Focusing on art and its relationship to urban development, the 2015 International Award for Public Art was a three-part affair, consisting of an exhibition, a conference and a biennial prize for the most outstanding, contemporary, socially-engaged art project.
The experimental work Talk to Me by Jasmeen Patheja was named the winner at the award ceremony dinner held at the Auckland Art Gallery Toi o Tāmaki on the 1 July.
From a shortlist of 23 entries, seven projects were named as semi-finalists including works as diverse as a post-earthquake pavilion in the rapidly-changing city of Christchurch, a ‘conflict kitchen’ in the United States and a floating, sustainable Nigerian school.
Indian artist Jasmeen Patheja’s winning entry Talk to Me is located in an isolated alley in Bangalore, which was nicknamed the ‘Rapist Lane’. The name references the fact that it was commonplace for men to linger around there after dark, often drinking and harassing women that merely wanted to get home.
Helped by volunteers who Patheja refers to as ‘Action Heroes’, for a month the area was renamed the ‘Safest Lane’ and events were held there that encouraged men and women to sit down and have a conversation over tea and samosas, in order to address fear and build empathy. At the end of the encounter, the ‘Action Heroes’ offered each participant a flower.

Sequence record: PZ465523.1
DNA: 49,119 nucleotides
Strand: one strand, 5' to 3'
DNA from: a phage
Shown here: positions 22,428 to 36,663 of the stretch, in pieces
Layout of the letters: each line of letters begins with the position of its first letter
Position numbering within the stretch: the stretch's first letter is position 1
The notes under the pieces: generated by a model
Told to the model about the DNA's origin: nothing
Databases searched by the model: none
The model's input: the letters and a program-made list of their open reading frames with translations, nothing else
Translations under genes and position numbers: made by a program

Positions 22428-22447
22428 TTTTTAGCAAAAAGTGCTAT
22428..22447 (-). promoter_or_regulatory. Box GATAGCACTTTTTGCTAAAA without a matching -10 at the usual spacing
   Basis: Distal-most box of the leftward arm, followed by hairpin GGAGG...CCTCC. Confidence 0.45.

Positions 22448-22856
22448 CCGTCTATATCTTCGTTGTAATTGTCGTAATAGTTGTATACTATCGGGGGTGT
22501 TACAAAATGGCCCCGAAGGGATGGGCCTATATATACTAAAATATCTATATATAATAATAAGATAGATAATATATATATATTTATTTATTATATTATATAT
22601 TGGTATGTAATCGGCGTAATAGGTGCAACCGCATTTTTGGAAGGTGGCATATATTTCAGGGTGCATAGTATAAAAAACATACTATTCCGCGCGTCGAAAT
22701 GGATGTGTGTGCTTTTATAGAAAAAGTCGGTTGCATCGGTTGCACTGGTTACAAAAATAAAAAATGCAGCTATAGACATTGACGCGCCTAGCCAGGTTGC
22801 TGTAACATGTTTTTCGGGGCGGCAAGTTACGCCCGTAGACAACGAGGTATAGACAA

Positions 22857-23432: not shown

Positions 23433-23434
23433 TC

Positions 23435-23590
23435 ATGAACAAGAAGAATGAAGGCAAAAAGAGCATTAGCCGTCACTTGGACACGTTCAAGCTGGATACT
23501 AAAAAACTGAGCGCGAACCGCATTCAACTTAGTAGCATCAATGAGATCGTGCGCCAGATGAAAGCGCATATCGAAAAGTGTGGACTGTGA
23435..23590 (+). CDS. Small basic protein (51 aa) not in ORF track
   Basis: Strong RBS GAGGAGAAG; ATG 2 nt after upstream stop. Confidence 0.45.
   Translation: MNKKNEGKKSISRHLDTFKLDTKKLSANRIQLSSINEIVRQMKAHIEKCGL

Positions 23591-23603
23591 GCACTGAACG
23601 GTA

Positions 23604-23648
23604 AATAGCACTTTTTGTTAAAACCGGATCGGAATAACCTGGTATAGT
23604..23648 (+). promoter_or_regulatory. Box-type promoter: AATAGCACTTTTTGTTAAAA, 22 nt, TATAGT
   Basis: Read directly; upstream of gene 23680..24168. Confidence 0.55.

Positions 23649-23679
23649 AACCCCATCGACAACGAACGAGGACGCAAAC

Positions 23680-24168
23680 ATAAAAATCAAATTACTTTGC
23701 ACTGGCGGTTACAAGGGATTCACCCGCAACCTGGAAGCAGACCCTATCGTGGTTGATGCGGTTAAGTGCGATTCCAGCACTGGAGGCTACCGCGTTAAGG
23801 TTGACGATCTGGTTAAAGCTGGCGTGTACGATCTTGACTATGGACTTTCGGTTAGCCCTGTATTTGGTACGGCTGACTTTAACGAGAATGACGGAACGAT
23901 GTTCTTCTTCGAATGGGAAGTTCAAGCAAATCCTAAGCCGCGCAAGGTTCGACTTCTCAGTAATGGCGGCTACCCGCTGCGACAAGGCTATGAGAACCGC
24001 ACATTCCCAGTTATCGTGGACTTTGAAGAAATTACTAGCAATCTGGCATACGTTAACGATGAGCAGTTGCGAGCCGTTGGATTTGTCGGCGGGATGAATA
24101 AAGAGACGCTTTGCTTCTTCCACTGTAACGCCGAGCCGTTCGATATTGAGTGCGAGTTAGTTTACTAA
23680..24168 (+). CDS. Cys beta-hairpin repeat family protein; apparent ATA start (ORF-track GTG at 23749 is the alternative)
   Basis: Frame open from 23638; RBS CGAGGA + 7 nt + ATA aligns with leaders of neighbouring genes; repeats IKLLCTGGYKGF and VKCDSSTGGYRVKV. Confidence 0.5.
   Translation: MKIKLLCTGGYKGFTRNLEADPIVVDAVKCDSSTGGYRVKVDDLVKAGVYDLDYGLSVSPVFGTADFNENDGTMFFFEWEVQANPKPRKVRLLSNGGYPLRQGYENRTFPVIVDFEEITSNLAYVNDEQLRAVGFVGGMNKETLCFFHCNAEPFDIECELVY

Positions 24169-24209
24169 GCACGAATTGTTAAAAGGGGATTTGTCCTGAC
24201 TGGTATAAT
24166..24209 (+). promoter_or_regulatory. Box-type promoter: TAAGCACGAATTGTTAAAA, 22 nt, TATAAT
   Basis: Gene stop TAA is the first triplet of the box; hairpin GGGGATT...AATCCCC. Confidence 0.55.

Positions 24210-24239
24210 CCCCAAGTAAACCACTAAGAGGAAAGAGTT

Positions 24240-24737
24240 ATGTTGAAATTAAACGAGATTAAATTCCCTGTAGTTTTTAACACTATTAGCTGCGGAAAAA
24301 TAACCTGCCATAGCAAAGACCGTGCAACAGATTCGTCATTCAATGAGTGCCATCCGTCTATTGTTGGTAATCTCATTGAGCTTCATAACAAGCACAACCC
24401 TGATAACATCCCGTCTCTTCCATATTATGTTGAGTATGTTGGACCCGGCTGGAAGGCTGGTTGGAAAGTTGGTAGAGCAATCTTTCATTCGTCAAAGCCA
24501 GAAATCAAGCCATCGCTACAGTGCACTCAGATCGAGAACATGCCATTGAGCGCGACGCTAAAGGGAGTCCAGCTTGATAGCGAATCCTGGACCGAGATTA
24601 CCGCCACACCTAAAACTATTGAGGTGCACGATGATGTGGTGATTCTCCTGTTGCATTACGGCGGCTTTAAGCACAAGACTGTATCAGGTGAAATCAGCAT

Jasmeen comments, “Talk to Me shows how simply the first steps toward understanding one another can be taken, with the help of a few tables and chairs, some flowers, some snacks, and a willingness to try. We need to make ourselves safe by making other people familiar.”
She continued, “It requires a purposeful unclenching of the fist. Fear creates fear. Defense creates defense. We need to build safe cities with empathy.”
Lewis Biggs, Chair of the Institute for Public Art and former director of Tate Liverpool and the Liverpool Biennial (UK) commented: “While all seven [semi-final] projects could have justly taken the award, Talk to Me caught our attention for its bold simplicity, its economy of means, its compassion and originality, and its courage in facing up to a deeply ingrained injustice within the prevalent culture in India.”
Other projects by Patheja include the ongoing I Never Ask For It, Meet To Sleep (2014-15) and Safe City Pledge (2012-13). All works investigate the significant sexual harrassment and sexual violence problem in India and aim to make society safer for women.
Patheja is also the founder and facilitator of Blank Noise: run completely by volunteers, it is a growing global community of individuals (the aforementioned ‘Action Heroes’), which mobilize to tackle sexual violence. The participatory projects investigate fear, vulnerability, empathy and trust in public spaces.
Completely deserving of the 2015 International Award for Public Art, the ambitious Talk to Me project was started three years ago, and was described by the judges as “bold, compassionate and courageous.”
- The 2015 IAPA exhibition runs from 27 June - 6 July at the Auckland Art Gallery, and the related Cities in a Climate of Change conference was held 1 - 4 July at the University of Auckland.
- For more information, see the IAPA website.